It is super hard to get an agent and what happened to me was incredibly lucky. I started out the same way everyone does – with a copy of The Writers’ and Artists’ Yearbook and a big highlighter. I had planned to send the manuscript out to a handful of agents, based on their client list and what they said they were looking for. The lucky part came when two of my friends - who had been through the experience before - recommended two agents to me. I sent my manuscript to both of them and was utterly stunned when they both got back offering me representation.
Describe your writing day. Where do you write? How do your organize your time? Where do you look for inspiration?
I work full-time in a really busy bookshop, so there isn’t a great deal of time for writing. I cram an hour in on my lunch break in the staffroom and then I write on the commute to and from work. There is no strategy; it’s just fit it in when I can. It’s not difficult, because I love writing.
It isn’t hard to find inspiration when you work in a children's bookshop. I am very fortunate to meet interesting people every day, to work with hugely inspirational booksellers who are also themselves writers, artists and designers, and to spend my time in one of the most amazing cities in the world.
Are there any tips you could give aspiring writers who are looking to get published?
When you know the age group that you want to write for, and genre you want to write, go and read. Read everything you can get your hands on that’s written for a similar age group and genre. If you don’t know what that is, then go down to your local bookshop, talk to a bookseller and get them to recommend some titles for you – I’ve done this many a time for aspiring children’s writers. You need to know what’s out there and what you’re up against. I meet a lot of self-published authors who are looking to get their books stocked and I can always tell straight away when they haven’t bothered to read any children’s books. The difference in their writing always shows.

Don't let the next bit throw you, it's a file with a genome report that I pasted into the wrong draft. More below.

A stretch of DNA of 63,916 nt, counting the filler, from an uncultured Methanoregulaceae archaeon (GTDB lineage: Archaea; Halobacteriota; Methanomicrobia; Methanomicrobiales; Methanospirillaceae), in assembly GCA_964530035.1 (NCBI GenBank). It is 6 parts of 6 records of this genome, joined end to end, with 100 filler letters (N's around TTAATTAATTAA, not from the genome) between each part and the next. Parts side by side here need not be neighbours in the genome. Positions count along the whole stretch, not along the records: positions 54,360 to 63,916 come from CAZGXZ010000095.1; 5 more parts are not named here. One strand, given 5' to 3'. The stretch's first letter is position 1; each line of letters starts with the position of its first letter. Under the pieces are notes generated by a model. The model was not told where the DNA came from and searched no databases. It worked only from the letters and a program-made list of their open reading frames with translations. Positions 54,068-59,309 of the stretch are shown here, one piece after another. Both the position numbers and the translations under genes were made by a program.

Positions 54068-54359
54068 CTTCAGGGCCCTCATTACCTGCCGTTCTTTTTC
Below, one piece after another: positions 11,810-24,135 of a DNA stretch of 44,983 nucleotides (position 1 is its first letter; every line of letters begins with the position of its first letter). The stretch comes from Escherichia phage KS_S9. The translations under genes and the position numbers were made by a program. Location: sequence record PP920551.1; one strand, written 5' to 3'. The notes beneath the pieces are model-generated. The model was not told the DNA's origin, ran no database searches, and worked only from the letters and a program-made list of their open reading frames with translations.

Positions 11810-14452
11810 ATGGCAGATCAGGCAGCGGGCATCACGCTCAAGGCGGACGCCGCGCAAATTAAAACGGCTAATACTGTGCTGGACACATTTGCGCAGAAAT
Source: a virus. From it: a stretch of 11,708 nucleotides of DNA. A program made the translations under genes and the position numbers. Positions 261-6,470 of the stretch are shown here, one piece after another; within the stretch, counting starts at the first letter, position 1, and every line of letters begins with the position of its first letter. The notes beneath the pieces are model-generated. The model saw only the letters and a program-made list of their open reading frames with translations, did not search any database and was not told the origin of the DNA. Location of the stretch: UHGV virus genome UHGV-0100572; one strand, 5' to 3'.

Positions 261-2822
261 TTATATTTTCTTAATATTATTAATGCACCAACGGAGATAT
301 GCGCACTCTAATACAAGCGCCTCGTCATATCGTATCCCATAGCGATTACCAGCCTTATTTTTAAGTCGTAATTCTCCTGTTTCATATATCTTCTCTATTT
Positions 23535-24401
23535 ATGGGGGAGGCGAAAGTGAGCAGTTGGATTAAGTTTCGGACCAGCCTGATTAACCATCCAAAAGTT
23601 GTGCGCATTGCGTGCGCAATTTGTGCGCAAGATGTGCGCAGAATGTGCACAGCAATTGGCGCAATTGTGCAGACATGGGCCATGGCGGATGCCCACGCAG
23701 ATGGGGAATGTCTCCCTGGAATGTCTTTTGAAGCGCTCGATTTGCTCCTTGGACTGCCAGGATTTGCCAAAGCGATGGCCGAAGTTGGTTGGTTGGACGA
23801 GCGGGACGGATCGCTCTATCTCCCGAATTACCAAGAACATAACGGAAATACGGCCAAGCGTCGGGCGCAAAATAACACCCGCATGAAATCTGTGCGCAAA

Can you describe three aspects of writing craft that have been most important as you’ve developed as an author?
I write exactly the kind of stories that I enjoy reading, so if I’m not enjoying writing them, there’s a problem. That’s what I learned during the first draft. If I was struggling with a chapter, finding it difficult to write, or boring, then I’d scrap it and rethink where the story was going. I spent a lot of time trying to make the story as fun and exciting as possible and part of that was learning to cut whole sections that I’d spent ages trying to get right.
Which favourite authors would you invite to a dinner party? Which fictional character do you wish you’d invented?
I’ve been very lucky to have met many of my writing heroes through my job – Rebecca Stead, Frances Hardinge, David Almond (I could go on) - but I have yet to meet Rick Riordan. It would be a dream to meet him. His books are so much fun, so easy to get lost inside and I speak to children every day who tell me how much they love them. I’d love to tell him that.
The fictional character I wish I’d invented?
Peter Pan, of course - the boy who never grows up, to whom even death is an adventure.